The SWBC Recreation and Conservation Committee, FMCBC clubs and members have worked on a range of issues over the past year. The following highlights two advocacy projects.
Submissions to the Select Standing Committee on Finance – 2022 Budget
Since 2018, the FMCBC has made submissions to the Select Standing Committee on Finance and Government Services to increase funding for Recreation Sites and Trails BC (RSTBC), which manages public recreation opportunities on Crown land outside provincial parks. Along with the Outdoor Recreation Council of BC, Caledonia Ramblers (Dave King) and other organizations, the FMCBC made submissions to the Select Standing Committee to fund trails and RSTBC, which relies heavily on partnership agreements to undertake essential maintenance and development of recreation sites and trails.
Without adequate operational funding, RSTBC staff are overwhelmed and do not have the capacity to
• process the paperwork to authorize or legally designate trails or work on them
• plan proactively to safeguard wildlife and environmental, cultural and recreational values
• support volunteers, recreation groups and non-profit organizations keep up with the influx of outdoor recreation enthusiasts and deteriorating infrastructure, and
• maintain primary access roads to popular recreation sites and trailheads, including critical access roads to provincial parks.
With respect to the latter, RSTBC’s inability to address road maintenance means loss of access to popular recreation sites and trails, access restricted to those with high clearance or 4×4 vehicles, and overcrowding of trails that remain accessible – both outside and within parks.
In the 2022 Budget submissions, the FMCBC recommended an increase in RSTBC’s annual operational budget to $20M from their current $8M, and the creation of a ministerial position similar to that of the Parliamentary Secretary for BC Parks to co-ordinate and implement an outdoor recreation strategy. Despite the importance of outdoor recreation to BC’s economy and lifestyle, outdoor recreation in BC’s forests, wildlands and parks is managed or impacted by decisions, policies and programs in several ministries, i.e., Environment and Climate Change, FLRNROD, and Tourism, Arts and Culture. A ministerial position for outdoor recreation would help co-ordinate and develop strategies, policies and programs within the various ministries, agencies and levels of government to support and fund a strong and sustainable outdoor recreation sector.
In mid-November, the Select Standing Committee on Finance and Government Services released their report on the Budget 2022 consultations. On p. 40 of the report, the Committee noted that Recreation Sites and Trails BC manages over 2,500 sites or established trails and over 900 unestablished trails across BC with only around 50 permanent staff. Further, the Committee highlighted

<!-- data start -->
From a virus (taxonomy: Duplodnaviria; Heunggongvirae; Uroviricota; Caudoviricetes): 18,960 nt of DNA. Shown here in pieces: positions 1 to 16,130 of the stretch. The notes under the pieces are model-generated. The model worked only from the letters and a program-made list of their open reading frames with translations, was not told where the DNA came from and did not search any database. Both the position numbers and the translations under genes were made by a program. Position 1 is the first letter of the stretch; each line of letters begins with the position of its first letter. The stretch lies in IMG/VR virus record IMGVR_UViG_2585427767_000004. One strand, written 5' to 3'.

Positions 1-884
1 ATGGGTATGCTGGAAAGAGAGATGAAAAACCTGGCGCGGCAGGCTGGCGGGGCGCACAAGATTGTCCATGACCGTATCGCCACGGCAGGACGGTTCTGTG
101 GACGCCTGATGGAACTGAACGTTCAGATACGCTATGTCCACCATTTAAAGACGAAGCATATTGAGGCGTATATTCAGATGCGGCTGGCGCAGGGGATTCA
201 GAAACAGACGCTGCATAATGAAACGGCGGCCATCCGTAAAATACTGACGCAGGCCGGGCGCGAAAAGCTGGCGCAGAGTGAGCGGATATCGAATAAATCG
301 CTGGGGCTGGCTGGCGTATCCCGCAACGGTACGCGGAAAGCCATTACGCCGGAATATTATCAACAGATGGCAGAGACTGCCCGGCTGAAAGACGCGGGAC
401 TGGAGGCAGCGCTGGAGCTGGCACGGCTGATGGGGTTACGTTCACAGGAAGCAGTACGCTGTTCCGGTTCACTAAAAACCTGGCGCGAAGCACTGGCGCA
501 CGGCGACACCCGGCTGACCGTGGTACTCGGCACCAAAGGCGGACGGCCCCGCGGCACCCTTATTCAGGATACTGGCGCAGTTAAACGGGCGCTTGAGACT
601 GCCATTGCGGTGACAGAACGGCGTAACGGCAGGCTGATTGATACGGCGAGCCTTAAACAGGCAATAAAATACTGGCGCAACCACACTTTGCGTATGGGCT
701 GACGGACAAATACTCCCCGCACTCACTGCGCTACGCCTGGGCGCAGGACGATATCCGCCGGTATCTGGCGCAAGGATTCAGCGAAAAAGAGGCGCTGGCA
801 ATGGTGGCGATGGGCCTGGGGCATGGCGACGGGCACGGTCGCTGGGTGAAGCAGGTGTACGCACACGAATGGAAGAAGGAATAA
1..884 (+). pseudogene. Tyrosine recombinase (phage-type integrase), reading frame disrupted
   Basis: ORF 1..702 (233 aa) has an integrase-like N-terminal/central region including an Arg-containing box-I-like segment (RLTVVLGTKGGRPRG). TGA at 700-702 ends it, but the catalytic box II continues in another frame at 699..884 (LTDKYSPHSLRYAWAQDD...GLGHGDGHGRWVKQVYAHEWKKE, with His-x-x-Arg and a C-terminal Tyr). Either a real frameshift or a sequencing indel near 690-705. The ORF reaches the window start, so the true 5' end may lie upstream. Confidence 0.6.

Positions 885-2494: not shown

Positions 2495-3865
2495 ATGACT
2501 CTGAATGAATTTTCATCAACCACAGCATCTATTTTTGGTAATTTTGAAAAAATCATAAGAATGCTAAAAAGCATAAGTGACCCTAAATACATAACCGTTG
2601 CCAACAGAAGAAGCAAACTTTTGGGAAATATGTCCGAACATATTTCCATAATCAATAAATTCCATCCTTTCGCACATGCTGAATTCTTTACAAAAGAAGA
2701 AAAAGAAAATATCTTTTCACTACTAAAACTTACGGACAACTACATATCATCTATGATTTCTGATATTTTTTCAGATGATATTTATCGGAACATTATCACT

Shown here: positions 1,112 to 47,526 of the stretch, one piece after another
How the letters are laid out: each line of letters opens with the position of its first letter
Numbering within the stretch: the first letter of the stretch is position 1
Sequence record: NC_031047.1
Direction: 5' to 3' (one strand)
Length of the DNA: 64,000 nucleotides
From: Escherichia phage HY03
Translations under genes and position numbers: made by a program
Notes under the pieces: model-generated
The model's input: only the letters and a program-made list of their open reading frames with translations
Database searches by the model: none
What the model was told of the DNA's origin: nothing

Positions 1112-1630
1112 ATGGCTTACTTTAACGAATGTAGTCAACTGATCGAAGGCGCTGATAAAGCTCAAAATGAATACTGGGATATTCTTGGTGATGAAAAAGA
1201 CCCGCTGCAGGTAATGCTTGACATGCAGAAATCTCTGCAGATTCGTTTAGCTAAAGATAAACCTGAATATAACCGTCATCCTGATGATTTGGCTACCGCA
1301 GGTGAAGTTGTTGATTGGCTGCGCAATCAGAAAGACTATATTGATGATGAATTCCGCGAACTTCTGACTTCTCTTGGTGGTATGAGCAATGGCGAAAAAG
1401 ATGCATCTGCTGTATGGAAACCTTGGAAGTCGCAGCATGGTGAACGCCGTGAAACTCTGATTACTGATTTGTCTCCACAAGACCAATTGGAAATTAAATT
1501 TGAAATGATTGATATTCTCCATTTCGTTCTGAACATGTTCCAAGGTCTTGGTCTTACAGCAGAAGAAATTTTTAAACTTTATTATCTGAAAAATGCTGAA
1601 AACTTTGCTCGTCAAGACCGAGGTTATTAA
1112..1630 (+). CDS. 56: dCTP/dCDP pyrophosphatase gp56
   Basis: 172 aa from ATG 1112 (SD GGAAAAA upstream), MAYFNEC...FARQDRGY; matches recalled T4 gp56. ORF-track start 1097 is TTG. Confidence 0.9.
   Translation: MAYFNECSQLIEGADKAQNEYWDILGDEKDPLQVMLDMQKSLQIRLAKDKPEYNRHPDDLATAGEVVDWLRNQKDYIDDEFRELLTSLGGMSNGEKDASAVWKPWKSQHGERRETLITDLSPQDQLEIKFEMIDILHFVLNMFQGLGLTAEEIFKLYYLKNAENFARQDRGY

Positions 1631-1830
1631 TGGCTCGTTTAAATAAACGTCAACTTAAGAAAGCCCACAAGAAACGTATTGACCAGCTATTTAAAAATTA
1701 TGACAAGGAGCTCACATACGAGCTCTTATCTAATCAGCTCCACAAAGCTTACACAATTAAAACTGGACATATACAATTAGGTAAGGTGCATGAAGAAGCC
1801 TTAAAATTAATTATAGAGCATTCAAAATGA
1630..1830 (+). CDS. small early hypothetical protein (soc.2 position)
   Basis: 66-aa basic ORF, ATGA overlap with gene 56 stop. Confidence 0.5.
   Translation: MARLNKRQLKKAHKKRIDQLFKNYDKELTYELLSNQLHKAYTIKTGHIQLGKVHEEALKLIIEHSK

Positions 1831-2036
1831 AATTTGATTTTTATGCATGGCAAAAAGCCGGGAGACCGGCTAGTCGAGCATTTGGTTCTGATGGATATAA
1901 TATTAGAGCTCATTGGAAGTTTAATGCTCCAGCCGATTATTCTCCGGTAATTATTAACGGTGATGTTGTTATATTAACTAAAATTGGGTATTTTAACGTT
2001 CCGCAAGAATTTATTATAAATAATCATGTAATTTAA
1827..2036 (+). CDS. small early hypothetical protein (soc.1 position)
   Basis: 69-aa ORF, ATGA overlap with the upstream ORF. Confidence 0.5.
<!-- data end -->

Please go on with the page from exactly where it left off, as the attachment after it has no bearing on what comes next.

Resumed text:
… how recreation trails help generate awareness for the environment and climate change, build relationships with First Nations communities, boost tourism, and improve health and wellbeing…
Other organizations similarly stressed that many trails are in a state of disrepair due to a lack of funding for maintenance. The Shuswap Trail Alliance and Caledonia Ramblers Hiking Club Trail described how maintenance is an ongoing effort that is largely subsidized by volunteers who fundraise and provide their labour and resources. Some organizations, such as the BC Lodging and Campgrounds Association, the Federation of Mountain Clubs of British Columbia, and the Outdoor Recreation Council of British Columbia, suggested that a parliamentary secretary for outdoor recreation be created to manage BC’s outdoor recreation strategy.
The Committee acknowledged “the significant uptick in the use of parks and trails during the pandemic as British Columbians strive to be outside, and how this increased use has resulted in undermaintained trails being further eroded due to staffing shortages and an operational reliance on volunteers.” The Select Standing Committee recommended “increased funding for parks, recreation and trails to address gaps in maintenance and staff, including dedicated funding to community-based organizations for trail maintenance and development.”